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“1804” by Rhoda Moise

In February of 2022, we released our first Open Call: How might we recreate public health as art, letters, stories, and poetry? The following is a poetry submission we received from this open call.

“This poetry submission, 1804, both contextualizes and juxtaposes Haiti’s revolution and regression in order to address the public health issue described above. Poetry, like any art form, and similar to pursuits of advancements in public and global health, is never complete. This original poem was first written in 2013, updated in 2018, and more recently revised in 2022 in light of the recent events in Haiti. Notably, this journal’s May 1st deadline coincides with the start of Haitian heritage month. May this piece move readers to action through compassion incited by collective responsibility for public and global health equity. Thank you.”

Rhoda Moise


““Pour le Pays, pour les Ancêtres

Marchons unis, marchons unis

Dans nos rangs point de traîtres

Du sol soyons seuls maîtres

Marchons unis, marchons unis

Pour le Pays, pour les Ancêtres

Marchons, marchons, marchons unis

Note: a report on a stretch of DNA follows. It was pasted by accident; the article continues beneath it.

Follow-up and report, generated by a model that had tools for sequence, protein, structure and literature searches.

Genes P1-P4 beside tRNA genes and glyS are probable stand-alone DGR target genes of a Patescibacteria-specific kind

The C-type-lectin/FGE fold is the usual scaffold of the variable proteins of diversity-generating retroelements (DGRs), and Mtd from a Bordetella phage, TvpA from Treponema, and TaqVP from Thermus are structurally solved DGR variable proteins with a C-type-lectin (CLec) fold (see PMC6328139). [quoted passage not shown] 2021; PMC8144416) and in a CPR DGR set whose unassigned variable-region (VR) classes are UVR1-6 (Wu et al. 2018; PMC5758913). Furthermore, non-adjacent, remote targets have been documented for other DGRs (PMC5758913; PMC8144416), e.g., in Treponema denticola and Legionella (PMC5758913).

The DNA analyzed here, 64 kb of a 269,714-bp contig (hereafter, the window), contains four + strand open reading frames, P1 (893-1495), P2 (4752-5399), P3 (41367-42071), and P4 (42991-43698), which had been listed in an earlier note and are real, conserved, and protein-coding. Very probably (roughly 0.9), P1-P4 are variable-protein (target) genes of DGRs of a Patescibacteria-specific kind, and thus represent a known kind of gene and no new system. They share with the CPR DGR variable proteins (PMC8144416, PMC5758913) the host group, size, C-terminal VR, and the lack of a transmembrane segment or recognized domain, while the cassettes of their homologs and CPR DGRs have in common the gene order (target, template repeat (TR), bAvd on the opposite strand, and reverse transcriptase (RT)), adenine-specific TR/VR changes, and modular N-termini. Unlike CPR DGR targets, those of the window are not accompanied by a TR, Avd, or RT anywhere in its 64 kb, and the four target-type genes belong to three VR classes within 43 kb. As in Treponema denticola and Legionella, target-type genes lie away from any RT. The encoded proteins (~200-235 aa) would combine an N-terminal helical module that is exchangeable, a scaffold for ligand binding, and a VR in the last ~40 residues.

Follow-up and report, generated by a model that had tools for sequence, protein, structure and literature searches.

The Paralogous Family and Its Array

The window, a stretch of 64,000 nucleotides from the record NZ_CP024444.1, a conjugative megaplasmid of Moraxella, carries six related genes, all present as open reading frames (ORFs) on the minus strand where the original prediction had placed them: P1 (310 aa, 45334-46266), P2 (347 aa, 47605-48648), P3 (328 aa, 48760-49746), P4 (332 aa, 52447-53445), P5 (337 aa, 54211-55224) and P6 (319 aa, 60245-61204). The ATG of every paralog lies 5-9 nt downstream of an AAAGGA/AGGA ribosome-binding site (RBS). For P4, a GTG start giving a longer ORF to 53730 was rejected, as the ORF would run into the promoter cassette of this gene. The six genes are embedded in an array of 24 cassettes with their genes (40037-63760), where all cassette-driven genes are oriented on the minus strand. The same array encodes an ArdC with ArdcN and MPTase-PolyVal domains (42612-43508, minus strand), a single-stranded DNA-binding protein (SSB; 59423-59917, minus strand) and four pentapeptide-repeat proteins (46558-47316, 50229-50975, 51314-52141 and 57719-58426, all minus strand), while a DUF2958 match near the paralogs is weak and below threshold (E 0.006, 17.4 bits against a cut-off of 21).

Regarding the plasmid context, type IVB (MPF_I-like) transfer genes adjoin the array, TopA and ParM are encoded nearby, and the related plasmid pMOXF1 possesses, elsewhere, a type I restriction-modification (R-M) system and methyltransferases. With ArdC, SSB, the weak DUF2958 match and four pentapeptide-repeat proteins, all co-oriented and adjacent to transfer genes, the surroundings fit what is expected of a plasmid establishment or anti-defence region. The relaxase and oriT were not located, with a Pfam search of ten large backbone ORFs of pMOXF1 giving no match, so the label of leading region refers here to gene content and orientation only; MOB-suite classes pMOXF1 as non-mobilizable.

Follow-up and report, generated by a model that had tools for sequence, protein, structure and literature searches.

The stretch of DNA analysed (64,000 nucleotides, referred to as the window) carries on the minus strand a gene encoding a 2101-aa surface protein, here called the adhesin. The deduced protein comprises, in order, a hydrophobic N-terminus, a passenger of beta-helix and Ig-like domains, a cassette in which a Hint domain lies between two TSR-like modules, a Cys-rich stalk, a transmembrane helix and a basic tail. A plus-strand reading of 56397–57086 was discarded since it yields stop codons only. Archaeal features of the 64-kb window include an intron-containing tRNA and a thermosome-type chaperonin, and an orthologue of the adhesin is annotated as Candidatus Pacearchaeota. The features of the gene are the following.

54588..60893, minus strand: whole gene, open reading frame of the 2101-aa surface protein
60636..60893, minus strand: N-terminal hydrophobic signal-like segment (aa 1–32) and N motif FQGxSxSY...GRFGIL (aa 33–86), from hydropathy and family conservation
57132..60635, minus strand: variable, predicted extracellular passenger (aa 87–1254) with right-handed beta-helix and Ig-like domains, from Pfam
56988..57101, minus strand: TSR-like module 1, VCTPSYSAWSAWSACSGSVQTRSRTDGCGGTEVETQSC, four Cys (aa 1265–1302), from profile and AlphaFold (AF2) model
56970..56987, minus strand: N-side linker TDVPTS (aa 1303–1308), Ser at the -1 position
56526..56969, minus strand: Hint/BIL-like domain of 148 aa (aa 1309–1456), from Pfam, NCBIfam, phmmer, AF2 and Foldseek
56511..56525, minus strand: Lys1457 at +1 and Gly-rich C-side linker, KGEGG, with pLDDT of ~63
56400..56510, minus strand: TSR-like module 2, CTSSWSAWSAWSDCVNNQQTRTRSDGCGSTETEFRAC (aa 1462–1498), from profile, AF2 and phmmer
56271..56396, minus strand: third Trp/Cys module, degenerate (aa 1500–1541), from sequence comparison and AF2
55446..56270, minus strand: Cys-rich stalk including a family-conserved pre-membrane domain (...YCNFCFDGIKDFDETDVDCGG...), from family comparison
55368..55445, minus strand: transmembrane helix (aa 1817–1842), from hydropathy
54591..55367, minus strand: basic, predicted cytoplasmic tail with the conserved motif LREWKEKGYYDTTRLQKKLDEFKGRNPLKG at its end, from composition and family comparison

Pour le Pays, pour les Ancêtres”

One tree, many roots. 

Many roots, one tree.

Nous sommes la perle des Antilles.

Many have forgotten or perhaps they do not know that Haiti was the pearl of the Caribbean many years ago.




Haitians rebelled and weren’t slaves anymore.

But put that into context, 

At a time when Black freedom wasn’t even a mindset,

A foreign concept.

But wait, let’s take it back to my motherland, my Ayiti Cherie.

Let’s get optical,

A culture deeper than the topical.

Imagine landing on this island oh so tropical.

So clean, teal, pristine,

But the waters hold secrets so mean.

Soft sand and a rhythmic silence,

Belies the past cries of violence

See my ancestors danced to the tambou

Blood red and the blues of voodoo.

So much resilience and so much pride,

But our culture we once had to hide.




From the top of the mountains let freedom roar.

The world has turned its back on us, 

but my people are relentlessly resilient.

Haiti was the first black nation to gain independence.

Why, yes, we are brilliant!

So, save your pity.

Unfortunately, we have definitely seen worse.

I just can’t fathom how you don’t rush to the aid of your little big sister if you see that she is hurt.

Sweet Mother Liberty to the America’s…

Haiti has truly put in revolutionary work. 

Ask Venezuela, Colombia, and Ecuador, ya tu sabes.

Haiti’s babies even helped the US defend its freedom fighting on Savannah Georgia turf.

I mean, where is the reciprocity in freedom fighting?

You don’t find that berserk?

While she’s lying there crying, kicked down, crippled in the dirt?

I am referencing the global perps… I am talking colonial- and imperialism.

We must put public health first.

What were Haiti’s efforts worth?

Does our collective conscious not work? 




Unity is strength.

L’union fait la force.”

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